An Extract From The Book: Jimmy Spence 8th Of June 1974 By Kelvin Rush.
Mrs Cartwright was still rubbing Jimmy’s hands. ‘Don’t try to get up love,’ she said. ‘You may have concussion. The ambulance will be here soon. They’ll take you to hospital and get you checked out.’ Jimmy looked alarmed, as he nervously squeezed Mrs Cartwright’s hand. ‘I’m ok Mrs Cartwright, I don’t need to go to hospital, honest,’ he pleaded. ‘You’re going to hospital Jimmy, and that’s final!’ said Mr Brown firmly. ‘We need to get you checked out, to make sure your brain’s not been damaged.’
‘What brain would that be sir!?’ shouted Birdie. Mr Brown gave Birdie one of his menacing lingering stares. It was a stare that would have terrified the devil, and Birdie had been on the receiving end of it many times. ‘That’s enough of that Simon Sparrow!’ snarled Mr Brown. ‘Anymore of that lad and you’ll be in detention!’ Birdie was pushing his look, as he smirked at Mr Brown rather smugly. ‘Sorry sir, I was only joking.’
— Mr Brown, who was quite jovial most of the time and popular around school, also had a bit of a temper on him. He may not have looked all that threatening, but looks can be deceiving, and that was certainly true in his case. He was a small unassuming man, with a round frame and a bulging belly. His black brylcreemed hair was parted exactly down the middle, and neatly swept back over his ears. If you got on the wrong side of him, he could change instantly and become very angry and even aggressive.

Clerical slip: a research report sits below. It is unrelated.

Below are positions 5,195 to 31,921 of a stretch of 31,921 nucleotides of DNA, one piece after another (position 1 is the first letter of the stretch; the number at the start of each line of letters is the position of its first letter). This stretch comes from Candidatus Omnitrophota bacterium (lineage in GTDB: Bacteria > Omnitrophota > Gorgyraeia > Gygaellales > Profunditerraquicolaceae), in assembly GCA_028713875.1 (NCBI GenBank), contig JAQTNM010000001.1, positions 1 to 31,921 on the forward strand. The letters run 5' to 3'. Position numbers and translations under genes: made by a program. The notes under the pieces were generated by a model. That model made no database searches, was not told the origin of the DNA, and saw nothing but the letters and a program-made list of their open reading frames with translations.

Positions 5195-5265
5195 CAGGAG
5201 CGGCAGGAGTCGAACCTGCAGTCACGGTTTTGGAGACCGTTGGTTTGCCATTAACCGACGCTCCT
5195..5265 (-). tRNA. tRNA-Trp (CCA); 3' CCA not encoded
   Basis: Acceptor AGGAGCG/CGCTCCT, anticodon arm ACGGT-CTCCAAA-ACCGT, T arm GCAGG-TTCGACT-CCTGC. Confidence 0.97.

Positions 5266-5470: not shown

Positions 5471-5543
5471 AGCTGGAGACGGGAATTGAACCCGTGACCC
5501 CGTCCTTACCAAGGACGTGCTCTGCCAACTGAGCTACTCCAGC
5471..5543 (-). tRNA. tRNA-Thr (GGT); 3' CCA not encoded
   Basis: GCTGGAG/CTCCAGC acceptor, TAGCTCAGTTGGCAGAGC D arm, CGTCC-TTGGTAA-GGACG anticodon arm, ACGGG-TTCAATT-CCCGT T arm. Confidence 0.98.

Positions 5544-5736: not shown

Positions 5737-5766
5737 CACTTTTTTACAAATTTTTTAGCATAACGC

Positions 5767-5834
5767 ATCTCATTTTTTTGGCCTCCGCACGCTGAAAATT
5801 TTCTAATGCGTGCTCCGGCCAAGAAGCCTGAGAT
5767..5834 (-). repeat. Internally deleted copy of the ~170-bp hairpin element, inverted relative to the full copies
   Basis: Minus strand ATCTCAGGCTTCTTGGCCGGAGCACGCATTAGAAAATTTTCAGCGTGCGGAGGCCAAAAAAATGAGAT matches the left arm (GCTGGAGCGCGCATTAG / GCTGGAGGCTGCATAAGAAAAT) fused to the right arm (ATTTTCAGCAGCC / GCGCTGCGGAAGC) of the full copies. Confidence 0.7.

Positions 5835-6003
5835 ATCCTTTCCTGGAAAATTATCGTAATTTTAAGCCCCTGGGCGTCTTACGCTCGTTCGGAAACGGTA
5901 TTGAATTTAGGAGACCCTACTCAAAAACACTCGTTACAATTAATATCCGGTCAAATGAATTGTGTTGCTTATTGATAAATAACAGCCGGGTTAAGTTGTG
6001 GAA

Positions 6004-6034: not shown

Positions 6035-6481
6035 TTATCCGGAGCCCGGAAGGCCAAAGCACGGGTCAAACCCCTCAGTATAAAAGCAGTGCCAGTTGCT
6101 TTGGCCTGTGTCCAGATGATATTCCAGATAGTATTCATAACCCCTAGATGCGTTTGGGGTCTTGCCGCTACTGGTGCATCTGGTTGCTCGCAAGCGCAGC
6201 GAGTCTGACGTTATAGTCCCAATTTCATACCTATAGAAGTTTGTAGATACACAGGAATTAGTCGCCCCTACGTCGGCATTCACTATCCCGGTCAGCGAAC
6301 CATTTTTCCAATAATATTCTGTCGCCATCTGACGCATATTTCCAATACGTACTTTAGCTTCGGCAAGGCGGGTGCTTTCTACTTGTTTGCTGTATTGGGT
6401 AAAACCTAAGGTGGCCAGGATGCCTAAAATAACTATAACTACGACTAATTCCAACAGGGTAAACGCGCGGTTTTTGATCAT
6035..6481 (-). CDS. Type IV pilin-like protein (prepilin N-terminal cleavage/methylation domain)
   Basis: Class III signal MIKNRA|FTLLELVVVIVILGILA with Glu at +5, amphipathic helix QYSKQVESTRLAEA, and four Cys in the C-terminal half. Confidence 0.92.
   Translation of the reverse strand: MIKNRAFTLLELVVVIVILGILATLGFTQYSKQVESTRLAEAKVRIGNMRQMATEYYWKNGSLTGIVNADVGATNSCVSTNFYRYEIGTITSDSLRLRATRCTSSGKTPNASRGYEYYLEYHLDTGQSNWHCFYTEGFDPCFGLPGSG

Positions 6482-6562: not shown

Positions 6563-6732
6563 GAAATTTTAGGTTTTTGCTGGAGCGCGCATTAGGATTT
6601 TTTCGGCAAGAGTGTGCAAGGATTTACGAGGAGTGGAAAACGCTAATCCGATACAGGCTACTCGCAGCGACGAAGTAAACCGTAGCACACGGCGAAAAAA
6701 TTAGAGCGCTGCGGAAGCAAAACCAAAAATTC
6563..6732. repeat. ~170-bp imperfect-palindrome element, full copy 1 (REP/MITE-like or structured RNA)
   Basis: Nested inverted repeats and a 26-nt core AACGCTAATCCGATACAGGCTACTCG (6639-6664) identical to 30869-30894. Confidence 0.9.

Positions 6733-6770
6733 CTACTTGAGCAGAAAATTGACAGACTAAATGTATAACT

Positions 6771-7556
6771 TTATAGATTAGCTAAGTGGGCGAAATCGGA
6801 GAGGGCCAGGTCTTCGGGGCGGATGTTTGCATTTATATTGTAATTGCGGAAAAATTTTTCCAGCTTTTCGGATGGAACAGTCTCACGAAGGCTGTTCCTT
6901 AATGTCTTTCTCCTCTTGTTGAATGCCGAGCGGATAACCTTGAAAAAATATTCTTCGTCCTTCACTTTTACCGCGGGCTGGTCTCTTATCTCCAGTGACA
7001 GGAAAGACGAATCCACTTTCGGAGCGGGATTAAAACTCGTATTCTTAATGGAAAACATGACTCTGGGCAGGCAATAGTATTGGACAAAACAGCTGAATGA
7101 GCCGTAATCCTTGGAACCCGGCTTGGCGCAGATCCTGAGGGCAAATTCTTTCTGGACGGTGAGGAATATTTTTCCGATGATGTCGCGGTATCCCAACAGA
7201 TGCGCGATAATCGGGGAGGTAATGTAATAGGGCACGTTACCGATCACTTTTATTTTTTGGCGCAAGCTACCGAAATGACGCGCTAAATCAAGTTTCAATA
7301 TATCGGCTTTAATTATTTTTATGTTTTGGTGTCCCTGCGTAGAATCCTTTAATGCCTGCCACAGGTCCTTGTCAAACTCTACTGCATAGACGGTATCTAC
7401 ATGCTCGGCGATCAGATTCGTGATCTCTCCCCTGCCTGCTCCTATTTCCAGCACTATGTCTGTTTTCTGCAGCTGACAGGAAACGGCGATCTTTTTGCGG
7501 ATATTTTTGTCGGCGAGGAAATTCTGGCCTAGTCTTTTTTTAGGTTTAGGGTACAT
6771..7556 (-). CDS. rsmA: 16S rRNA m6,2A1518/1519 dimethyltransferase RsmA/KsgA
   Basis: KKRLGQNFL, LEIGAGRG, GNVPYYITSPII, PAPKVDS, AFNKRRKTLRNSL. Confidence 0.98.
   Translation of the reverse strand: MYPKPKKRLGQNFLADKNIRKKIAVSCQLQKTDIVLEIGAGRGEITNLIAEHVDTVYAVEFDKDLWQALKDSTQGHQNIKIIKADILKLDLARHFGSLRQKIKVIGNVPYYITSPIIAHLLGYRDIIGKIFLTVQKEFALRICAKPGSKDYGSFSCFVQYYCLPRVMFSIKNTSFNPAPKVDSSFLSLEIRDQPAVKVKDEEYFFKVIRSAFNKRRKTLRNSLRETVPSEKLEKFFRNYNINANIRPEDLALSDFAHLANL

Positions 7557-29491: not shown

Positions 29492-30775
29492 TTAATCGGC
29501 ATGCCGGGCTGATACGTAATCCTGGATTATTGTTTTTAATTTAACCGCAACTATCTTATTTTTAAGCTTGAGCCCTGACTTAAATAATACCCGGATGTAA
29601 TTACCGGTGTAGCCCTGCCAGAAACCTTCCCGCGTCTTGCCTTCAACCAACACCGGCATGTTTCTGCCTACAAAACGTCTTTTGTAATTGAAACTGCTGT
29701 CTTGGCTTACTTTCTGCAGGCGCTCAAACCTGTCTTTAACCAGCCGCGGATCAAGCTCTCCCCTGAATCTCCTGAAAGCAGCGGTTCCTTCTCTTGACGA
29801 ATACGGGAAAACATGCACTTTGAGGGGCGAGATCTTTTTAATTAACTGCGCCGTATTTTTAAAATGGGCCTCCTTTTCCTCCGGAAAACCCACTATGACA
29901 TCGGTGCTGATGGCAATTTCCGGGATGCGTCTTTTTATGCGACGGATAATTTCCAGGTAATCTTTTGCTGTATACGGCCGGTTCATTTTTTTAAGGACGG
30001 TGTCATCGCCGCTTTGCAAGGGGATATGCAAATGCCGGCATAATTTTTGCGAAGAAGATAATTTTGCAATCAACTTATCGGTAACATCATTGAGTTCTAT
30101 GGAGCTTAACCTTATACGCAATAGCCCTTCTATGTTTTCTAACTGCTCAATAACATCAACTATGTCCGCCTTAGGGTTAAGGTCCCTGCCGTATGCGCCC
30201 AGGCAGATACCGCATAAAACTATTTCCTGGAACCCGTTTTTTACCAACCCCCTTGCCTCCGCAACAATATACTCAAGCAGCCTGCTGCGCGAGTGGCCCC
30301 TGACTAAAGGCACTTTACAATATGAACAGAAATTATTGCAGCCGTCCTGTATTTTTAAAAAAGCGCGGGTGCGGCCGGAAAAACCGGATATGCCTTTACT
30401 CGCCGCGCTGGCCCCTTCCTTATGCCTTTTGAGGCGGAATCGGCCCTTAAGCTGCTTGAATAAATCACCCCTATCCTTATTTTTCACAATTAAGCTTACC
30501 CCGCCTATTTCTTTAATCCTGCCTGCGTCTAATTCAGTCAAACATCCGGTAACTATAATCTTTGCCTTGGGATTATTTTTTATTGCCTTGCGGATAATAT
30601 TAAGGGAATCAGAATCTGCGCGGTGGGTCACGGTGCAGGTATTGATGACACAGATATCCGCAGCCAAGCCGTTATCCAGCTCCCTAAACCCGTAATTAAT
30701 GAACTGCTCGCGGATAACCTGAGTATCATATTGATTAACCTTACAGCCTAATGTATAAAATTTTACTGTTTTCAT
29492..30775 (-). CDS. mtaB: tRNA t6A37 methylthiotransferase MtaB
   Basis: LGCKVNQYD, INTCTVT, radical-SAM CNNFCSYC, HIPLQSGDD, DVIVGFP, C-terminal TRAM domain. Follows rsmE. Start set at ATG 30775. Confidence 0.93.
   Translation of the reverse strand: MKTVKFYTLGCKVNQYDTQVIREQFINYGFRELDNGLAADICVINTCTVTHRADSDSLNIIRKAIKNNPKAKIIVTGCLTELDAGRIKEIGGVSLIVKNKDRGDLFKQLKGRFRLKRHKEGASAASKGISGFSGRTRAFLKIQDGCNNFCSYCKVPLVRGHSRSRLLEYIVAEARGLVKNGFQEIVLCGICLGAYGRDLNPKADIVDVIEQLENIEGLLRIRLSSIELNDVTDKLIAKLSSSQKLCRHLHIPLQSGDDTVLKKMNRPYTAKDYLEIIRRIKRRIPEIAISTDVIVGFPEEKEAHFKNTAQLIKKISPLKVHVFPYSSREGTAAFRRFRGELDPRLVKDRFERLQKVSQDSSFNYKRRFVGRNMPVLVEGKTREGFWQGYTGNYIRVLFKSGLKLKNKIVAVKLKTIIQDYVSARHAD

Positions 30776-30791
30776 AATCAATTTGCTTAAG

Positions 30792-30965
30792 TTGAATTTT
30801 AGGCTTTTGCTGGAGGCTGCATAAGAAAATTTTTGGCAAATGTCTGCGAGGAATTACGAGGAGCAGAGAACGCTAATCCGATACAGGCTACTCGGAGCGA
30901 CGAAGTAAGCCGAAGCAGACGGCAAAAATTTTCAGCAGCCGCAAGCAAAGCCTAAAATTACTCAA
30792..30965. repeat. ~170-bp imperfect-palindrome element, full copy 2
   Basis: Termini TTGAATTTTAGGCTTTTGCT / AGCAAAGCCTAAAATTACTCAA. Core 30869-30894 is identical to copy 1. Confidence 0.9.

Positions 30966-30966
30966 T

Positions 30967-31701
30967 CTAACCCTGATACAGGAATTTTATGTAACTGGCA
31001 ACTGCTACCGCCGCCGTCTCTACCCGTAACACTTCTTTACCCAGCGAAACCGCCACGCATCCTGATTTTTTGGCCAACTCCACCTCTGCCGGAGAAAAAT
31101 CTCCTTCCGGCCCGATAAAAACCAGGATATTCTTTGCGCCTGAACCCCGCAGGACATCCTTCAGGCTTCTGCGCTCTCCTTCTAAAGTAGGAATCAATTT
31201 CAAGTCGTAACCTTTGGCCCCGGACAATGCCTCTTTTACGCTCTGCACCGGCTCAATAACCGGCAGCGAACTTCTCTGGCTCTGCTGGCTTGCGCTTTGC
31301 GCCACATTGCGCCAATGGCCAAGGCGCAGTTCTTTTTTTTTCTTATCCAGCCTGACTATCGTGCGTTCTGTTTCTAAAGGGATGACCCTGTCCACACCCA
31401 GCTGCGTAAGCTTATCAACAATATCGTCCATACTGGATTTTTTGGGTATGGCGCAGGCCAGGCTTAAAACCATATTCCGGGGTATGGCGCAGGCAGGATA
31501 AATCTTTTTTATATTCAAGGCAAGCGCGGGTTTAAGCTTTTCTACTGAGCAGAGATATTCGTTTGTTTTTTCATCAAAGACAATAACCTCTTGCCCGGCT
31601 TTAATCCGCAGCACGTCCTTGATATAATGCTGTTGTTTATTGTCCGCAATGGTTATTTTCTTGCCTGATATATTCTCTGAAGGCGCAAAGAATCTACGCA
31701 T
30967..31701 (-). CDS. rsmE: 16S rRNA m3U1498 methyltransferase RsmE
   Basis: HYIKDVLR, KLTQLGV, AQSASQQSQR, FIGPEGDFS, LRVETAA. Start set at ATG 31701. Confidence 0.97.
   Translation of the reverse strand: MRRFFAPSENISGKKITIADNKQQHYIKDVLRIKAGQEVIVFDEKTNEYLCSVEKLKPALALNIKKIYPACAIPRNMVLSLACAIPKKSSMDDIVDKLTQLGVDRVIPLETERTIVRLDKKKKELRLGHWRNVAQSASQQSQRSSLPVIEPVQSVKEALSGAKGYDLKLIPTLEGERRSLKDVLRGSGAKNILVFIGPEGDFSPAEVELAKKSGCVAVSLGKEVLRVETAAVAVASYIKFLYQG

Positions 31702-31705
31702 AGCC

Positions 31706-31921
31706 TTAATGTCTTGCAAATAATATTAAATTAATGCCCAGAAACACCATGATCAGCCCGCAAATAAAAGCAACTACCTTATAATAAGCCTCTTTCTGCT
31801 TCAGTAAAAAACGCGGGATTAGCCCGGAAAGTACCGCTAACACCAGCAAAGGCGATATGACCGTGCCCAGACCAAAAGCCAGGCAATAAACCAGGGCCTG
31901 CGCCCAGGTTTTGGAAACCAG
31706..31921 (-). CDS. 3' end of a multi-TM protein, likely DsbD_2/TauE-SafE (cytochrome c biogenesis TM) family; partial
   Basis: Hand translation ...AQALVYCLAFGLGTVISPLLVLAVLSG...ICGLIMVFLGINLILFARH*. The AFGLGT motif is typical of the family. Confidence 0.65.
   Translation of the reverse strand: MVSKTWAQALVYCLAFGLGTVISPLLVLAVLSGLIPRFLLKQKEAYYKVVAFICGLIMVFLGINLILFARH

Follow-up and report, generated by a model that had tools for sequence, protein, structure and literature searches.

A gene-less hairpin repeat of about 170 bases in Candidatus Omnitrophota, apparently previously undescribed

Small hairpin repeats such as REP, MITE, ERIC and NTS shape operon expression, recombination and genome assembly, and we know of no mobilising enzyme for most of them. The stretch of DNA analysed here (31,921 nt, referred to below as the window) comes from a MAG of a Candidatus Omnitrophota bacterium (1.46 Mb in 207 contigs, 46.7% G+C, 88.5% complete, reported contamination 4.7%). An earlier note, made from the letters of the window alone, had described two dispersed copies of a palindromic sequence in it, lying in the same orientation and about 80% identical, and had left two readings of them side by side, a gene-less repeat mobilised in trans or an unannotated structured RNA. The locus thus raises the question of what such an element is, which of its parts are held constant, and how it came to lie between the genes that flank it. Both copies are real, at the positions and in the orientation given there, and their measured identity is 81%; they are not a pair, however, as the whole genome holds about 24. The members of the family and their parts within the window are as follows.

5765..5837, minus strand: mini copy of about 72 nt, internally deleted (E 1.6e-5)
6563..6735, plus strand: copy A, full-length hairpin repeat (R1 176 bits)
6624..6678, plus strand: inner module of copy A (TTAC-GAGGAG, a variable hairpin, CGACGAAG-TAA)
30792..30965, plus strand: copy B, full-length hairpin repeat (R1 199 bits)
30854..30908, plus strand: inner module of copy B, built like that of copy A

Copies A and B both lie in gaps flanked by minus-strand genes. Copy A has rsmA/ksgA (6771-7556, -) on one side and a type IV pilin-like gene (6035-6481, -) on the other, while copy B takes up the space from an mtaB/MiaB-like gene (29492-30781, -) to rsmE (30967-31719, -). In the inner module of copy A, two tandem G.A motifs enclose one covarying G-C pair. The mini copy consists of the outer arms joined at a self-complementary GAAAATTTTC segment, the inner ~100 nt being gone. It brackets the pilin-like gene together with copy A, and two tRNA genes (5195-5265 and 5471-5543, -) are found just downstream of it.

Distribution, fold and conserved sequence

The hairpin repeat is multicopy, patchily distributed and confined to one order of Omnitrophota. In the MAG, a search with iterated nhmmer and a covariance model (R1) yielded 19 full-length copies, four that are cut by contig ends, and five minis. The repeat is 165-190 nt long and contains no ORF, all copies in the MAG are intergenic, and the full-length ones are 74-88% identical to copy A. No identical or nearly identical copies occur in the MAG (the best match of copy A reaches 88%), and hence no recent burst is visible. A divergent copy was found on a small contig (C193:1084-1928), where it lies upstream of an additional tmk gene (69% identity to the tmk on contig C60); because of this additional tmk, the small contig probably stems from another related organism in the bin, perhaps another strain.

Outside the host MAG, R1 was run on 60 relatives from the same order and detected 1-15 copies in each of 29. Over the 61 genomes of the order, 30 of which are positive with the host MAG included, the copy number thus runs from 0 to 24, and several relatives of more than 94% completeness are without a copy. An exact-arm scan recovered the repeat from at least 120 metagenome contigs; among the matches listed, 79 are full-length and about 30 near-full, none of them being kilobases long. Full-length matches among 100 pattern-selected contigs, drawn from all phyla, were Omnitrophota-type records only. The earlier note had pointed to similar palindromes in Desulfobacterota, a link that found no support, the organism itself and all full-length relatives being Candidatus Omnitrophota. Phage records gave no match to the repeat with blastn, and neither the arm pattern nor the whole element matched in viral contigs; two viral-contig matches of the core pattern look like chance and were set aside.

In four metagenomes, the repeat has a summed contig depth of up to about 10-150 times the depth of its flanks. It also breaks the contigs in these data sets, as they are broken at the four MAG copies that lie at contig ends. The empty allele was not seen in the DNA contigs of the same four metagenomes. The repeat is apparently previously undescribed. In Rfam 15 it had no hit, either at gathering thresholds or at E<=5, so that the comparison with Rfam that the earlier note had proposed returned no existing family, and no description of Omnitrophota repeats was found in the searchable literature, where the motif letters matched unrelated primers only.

He had two main weapons in his arsenal, which he used with precision and skill to keep unruly kids, (mainly boys) under control. His first weapon was The Blackboard Eraser. The Blackboard Eraser was a small rectangle block of wood with soft felt on the front, and was used to remove chalk from the blackboard. Mr Brown would sneakily hide the eraser in his jacket pocket or behind his back, and slowly maneuver his way in and out of the desks, until he was standing right behind the unsuspecting kid. He would then hover the eraser over the kid’s head before bringing it down with a guillotine thud.
He would always aim for the crown part of the head, as this was a sensitive area and would inflict the most damage. The kid would scream out in pain, and leap up from the chair like a jack in a box, frantically rubbing a very painful head. All the class thought it was hilarious. Suffice to say, the tearful, naughty kid thought twice before misbehaving again.
Mr Brown’s second weapon was known as The Death Stare. The Death Stare was more of a psychological punishment, but still had the same impact. It was well-known throughout the school, (especially among the gang of naughty kids), and was to be avoided at all costs. It worked like this…..
If someone in his class was misbehaving, Mr Brown would politely ask the culprit to stop. If that didn’t work The Death Stare would be deployed. The idea was to make the kid feel as uncomfortable and nervous as possible. Mr Brown would stare relentlessly at the poor kid, who wasn’t sure how to react. The brave ones tried to outstare him (which never worked), and the weaker ones would either look away, or cover up their red faces with their sweaty hands. Mr Brown’s wolf-like piercing green eyes would lock onto the target like a laser driven missile. His stare was that intense, it could easily penetrate a brick wall at fifty paces. Once the eyes of Mr Brown were fixed firmly onto the eyes of the offending kid, the battle of the stare would begin.